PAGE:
Gloria Chan ’02: Gloria is the founder of Chinatown Youth Initiatives (CYI) and the former President and CEO of the Asian Pacific American Institute for Congressional Studies (APAICS). Currently a Life and Leadership Coach, Gloria’s insight comes from her previous experience with APIA issues in the government.

Nancy Nguyen: Nancy is currently the Delaware Valley Branch Manager of Boat People SOS (BPSOS), which aims to “empower, organize, and equip Vietnamese individuals and communities in their pursuit of liberty and dignity.” The work that Nancy and BPSOS have done centers around many different aspects of social justice.

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As an engineer and someone who has only taken Natural Science courses over the past school year, I walked into the panel not really knowing what to expect, thinking that everything I heard would go straight over my head. Boy, was I wrong.

The panelists each started out by addressing a few questions that were handed to them – questions such as “What is your current work in activism? How did you become involved in this work?” to “What do you think are some of the most pertinent political issues affecting APIA communities today?”.  They then opened up to questions from the audience, which was fantastic. All the panelists did such a wonderful job of answering questions and providing their own insight on the state of the APIA community, and I really enjoyed listening to the conversation that formed in the room.

I didn’t take any notes (shame on me.), but I do remember a few things that stuck out. During the first part of the discussion, Nancy talked about a few “Oh Shit” moments that really changed her perspective. The one that really caught me was when someone told her that “Asian American studies does not belong to higher education.” The fact that Asian American studies should not START or BE LIMITED TO higher education isn’t such a crazy thought if you think about it. And Jeff, as one of his points, talked about a frame in which to view activism – How can you change the frame to include multiple people, to include groups with the same issues? We can’t be pigeon-holed by the frames of reference that are created by the media, or other sources. Something like that (don’t quote me, please). Gloria chimed in as well with some great and empowering advice to a few seniors (Ruben and Mina) who were interested in beginning their journey into APIA activism.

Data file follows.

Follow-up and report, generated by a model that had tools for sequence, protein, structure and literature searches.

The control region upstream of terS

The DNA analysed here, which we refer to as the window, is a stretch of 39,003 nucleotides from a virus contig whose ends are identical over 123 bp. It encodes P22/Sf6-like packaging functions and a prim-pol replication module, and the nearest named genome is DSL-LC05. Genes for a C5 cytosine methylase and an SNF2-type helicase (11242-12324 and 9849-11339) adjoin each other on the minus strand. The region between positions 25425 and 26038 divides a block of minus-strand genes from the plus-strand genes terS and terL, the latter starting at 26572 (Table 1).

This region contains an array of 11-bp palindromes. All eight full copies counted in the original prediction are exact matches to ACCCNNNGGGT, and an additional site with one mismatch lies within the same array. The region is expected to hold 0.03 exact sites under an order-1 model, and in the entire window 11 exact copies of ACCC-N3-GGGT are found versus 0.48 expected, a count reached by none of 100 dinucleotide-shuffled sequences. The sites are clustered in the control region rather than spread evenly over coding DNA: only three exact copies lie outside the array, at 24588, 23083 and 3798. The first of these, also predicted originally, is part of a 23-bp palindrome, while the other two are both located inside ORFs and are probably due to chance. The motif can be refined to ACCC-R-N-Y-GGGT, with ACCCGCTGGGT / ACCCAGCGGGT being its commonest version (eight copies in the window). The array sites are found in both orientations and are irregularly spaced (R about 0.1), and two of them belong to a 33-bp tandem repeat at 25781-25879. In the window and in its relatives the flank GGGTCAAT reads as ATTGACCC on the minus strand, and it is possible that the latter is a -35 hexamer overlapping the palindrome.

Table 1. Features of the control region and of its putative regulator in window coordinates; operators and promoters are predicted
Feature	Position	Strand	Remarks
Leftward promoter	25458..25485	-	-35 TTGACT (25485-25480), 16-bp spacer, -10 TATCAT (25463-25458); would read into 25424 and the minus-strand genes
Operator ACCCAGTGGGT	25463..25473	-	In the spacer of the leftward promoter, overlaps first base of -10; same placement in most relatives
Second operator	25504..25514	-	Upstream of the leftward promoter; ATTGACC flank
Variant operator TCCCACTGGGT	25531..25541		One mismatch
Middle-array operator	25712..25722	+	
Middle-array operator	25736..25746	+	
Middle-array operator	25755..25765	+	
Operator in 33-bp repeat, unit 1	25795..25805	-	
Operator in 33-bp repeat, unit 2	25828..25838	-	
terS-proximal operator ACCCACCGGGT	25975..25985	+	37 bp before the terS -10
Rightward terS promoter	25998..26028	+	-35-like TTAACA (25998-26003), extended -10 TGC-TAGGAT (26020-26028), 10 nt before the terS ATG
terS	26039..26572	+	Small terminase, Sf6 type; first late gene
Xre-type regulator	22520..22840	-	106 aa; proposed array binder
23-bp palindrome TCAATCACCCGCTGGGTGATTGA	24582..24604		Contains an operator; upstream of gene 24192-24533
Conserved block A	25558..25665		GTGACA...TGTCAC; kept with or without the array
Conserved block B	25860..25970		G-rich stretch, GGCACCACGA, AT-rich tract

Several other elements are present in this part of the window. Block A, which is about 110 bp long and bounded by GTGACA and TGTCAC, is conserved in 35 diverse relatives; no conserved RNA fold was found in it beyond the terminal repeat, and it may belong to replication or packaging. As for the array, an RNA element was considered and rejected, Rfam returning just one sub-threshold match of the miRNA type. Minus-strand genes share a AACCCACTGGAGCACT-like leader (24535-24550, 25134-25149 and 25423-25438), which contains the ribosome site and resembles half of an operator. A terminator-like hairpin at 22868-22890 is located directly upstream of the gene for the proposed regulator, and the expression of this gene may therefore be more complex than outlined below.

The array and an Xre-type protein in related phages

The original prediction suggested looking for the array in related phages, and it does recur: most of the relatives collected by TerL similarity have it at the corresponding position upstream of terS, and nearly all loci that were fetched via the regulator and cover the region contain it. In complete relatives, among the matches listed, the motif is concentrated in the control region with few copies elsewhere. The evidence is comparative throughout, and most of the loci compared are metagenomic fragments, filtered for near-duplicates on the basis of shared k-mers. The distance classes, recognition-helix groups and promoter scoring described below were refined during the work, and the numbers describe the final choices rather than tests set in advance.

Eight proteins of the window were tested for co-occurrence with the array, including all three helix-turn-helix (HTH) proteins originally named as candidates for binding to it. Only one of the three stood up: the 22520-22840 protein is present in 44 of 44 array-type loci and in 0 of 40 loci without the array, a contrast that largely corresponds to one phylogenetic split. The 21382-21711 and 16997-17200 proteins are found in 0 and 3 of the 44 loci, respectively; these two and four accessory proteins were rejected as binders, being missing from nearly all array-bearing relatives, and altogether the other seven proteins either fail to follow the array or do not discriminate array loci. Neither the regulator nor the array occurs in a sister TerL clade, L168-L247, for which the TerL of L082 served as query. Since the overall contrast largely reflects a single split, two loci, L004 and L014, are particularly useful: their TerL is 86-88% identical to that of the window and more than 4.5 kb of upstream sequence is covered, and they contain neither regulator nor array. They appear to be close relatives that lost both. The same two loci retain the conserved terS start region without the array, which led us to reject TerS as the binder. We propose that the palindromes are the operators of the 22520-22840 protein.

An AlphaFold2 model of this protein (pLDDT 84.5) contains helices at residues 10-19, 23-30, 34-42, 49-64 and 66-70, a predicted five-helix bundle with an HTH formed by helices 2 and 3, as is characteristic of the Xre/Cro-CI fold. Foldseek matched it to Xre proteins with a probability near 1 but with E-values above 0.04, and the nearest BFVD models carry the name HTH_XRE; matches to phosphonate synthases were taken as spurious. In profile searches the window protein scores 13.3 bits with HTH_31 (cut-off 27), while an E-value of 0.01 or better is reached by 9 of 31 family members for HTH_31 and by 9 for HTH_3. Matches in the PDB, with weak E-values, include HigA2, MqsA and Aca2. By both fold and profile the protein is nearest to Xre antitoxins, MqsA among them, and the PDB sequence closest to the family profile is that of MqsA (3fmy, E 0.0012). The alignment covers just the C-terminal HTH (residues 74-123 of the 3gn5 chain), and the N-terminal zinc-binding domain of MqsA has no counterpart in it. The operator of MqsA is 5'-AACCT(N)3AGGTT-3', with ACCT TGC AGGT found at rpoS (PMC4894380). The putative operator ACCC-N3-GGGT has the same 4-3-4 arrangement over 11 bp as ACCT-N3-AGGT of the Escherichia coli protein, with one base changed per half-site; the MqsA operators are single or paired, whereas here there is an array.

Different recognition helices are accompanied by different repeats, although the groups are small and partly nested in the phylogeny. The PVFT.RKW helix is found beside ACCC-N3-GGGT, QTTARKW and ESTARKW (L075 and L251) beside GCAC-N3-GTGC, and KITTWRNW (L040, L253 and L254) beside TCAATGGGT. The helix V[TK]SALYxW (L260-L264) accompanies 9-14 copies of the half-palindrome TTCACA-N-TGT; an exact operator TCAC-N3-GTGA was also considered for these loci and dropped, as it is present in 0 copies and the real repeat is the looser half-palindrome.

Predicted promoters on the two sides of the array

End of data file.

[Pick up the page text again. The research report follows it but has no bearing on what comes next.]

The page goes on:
Post-panel, there was a nice little reception outside the room where everyone was able to talk to the activists. It was a great time!

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I dunno. I really loved the panel. It was especially inspiring to hear how much passion the panelists had for the subject! To anyone who came, I hope it was everything you were hoping for – and more.

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And there you have it. The end of APIA Month 2013, and boy was it great. You know, when I look back on this past month, I think the first thing I’ll think is:  “That was pretty tiring, but wow was it FUN.” Thanks to everyone who came to any (or all!) of our events. Thanks for all the laughs, the tears (j/k), and of course the ramen — it wouldn’t have been APIA month without you! Are you getting tired of all of this thanking yet?

Most of all though, please give a hand (not literally, we don’t want that) to SAO board and to all the groups who organized events. Our co-presidents Allison and Wendy especially – they worked insanely hard to plan this APIA month and it was so fantastic because of it. *clap clap clap*

With that, I bid thee farewell. Get pumped – next APIA month is only a year away!

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Smell ya later~

Karl